“That looks like a corker of a mountain; I shall run up it”.

These were not the inane mutterings of a maniac, but my own thoughts as I looked at Mt. Robert from our bach in St. Arnaud,by Lake Roitoiti in the Nelson Lakes National Park.

In the UK, I was an avid fell runner (more for pleasure, than doing anything competitive), and I was desperate to blow off the cobwebs and run up a hill, mountain, or something inbetween. When looking at Mt. Robert from our bach, I had clearly underestimated the height of this mountain. I had a map, I knew it was over 3,000 metres but I was clearly not cognisant of the fact that this was a MASSIVE mountain when compared the Lake District Fells I used to bumble along.

THE PLAN: a quick shimmy up Mt. Robert in ther afternoon as part of a recce to see if Mrs. E could do the climb the following day.

I’d love to tell you that there was some great drama and that it took me ages to get to the top, but there wasn’t… the ascent was steep, but there was a kind zig-zagging path which reduced the impact of the steep ascent. I surprised myself, and had a lovely walk/run to the top. The first section of the ascent was through bush (think large beech trees), followed by open exposed parts where the hot sun bore down on me, followed by a second section of bush, and then a short burst to the top of Mt. Robert. The views from the top were breathtaking (see below), and I was absolutely buzzing by the time I got there. Mt. (Mr.) Robert and I shook hands, and I thanked him for his grand vistas, and stunning views. If you look south from Mt. Robert, you see mountain range and mountain range, after mountain range… (later, it clicked – I was looking south down the Southern Alps, which are the backbone of the South Island). Indeed, if you look at any satellite map of New Zealand, the Southern Alps are covered in snow, and really do look like a skeletal backbone. Anyhow, MT. (Mr.) Robert, seemed like a jolly nice chap, but the conversation dried up, and I bounded back down the hill. OK, that’s not true – my ham strings were absolutely wasted after the first 15 minutes of descent, and it was tough going. There was one joyous moment though… any fell runner or mountain runner doesn’t run up (or down) mountains to show off. They do it for the love of running in the clouds, being one step closer to heaven. HOWEVER, as I ran back down I did pass a very unfit tourist, who I heard sigh as I gleefully ran past him. I chuckled (from within, you understand), and then ran back to the car and bach to the batch.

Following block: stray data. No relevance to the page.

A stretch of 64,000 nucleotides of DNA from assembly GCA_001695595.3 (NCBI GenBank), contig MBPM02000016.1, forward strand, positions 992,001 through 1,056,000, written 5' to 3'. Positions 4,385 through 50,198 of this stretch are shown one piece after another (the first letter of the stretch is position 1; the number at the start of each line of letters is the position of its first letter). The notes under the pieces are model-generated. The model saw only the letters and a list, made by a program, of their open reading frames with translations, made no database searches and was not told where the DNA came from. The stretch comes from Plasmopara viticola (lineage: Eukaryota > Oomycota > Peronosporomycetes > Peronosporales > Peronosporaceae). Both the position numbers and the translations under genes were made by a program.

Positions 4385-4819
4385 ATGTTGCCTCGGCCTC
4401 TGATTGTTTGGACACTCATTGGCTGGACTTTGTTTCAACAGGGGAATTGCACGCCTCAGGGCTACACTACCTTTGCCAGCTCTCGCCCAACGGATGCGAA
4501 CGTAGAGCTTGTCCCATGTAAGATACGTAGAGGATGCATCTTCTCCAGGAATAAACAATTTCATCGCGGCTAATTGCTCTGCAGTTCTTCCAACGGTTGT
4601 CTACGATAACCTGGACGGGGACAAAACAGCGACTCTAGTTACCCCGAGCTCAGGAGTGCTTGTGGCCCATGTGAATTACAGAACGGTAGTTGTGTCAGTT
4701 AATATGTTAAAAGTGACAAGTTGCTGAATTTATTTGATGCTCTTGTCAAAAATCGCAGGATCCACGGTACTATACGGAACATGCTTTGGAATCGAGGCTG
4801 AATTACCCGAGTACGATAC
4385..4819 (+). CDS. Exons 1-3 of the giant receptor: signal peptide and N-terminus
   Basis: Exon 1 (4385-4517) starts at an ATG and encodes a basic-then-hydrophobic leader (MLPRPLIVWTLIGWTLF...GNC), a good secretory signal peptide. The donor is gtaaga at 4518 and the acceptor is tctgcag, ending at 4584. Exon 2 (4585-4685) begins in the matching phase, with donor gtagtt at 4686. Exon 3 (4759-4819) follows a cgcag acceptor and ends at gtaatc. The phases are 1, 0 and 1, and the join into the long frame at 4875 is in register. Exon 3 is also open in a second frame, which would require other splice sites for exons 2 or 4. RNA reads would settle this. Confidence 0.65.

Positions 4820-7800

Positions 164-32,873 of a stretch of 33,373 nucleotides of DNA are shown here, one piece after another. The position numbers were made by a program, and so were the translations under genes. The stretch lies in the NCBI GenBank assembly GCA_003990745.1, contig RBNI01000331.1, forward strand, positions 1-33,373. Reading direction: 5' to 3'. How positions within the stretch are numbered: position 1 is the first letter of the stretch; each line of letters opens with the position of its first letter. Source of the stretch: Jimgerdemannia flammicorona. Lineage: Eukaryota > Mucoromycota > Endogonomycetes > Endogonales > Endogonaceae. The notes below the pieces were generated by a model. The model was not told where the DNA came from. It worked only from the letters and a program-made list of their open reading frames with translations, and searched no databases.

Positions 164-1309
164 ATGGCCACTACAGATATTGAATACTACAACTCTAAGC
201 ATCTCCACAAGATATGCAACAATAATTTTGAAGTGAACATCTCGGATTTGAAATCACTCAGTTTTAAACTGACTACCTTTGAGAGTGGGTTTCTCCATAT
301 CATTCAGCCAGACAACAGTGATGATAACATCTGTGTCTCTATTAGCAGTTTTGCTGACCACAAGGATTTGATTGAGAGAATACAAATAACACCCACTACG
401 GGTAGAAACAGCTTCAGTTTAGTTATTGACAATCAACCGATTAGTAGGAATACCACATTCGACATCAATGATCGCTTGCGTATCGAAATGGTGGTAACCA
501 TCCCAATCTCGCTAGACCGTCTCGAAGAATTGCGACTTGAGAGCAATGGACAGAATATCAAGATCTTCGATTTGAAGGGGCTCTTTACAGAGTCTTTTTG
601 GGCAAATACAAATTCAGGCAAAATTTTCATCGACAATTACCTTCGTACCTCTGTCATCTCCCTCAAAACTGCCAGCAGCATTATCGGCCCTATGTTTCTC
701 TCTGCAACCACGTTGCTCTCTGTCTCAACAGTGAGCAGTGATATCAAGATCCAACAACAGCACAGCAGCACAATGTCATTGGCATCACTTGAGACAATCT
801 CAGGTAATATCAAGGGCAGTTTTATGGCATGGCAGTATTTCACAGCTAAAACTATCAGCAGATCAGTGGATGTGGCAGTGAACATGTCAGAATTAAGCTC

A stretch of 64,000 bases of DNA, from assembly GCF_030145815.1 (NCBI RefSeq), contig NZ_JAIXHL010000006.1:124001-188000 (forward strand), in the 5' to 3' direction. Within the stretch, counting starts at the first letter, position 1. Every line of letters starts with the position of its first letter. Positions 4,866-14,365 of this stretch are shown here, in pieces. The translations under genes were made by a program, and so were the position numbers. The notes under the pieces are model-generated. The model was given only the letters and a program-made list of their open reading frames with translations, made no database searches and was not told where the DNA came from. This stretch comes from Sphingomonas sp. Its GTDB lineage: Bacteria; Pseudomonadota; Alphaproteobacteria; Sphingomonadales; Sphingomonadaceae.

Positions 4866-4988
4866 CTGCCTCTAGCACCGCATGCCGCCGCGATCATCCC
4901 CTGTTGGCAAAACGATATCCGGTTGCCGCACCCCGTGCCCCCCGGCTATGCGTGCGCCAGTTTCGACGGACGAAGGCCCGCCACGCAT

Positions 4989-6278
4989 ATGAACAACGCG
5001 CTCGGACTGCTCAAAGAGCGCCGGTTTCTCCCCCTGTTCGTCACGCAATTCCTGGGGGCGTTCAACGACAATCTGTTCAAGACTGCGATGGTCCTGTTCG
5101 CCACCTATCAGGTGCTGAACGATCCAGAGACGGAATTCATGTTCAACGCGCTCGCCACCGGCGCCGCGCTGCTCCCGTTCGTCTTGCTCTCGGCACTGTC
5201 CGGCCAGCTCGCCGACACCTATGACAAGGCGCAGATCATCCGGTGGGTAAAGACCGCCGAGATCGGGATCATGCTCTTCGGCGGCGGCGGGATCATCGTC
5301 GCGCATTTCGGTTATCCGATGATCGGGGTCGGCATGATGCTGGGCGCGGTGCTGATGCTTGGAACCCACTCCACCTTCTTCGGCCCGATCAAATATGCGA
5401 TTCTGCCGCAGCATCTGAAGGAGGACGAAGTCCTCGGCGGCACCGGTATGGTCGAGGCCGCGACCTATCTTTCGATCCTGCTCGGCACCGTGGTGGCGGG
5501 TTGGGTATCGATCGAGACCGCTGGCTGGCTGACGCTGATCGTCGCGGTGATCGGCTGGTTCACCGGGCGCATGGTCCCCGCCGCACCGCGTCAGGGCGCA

The plan was to see if it was OK for Mrs. E to walk up Mt. Robert the next day. However,Mrs. E really wanted to do the climb. So, the next day we ventured out and did the following route. Immediately, I knew this was going to be a struggle for me. My hamstrings were shot after running up the mountain the previous day. However, we did it! The ascent was tough, but the descent was even worse for me with my shot hamstrings, but the views (again) were well worth it).

So Mr. (Mt.) Robert and I are now fairly well aquainted. In fact, we’re hoping to meet up again soon…

Thank you Mr. (Mt.) Robert, you’re a true gent and were very kind to us both.

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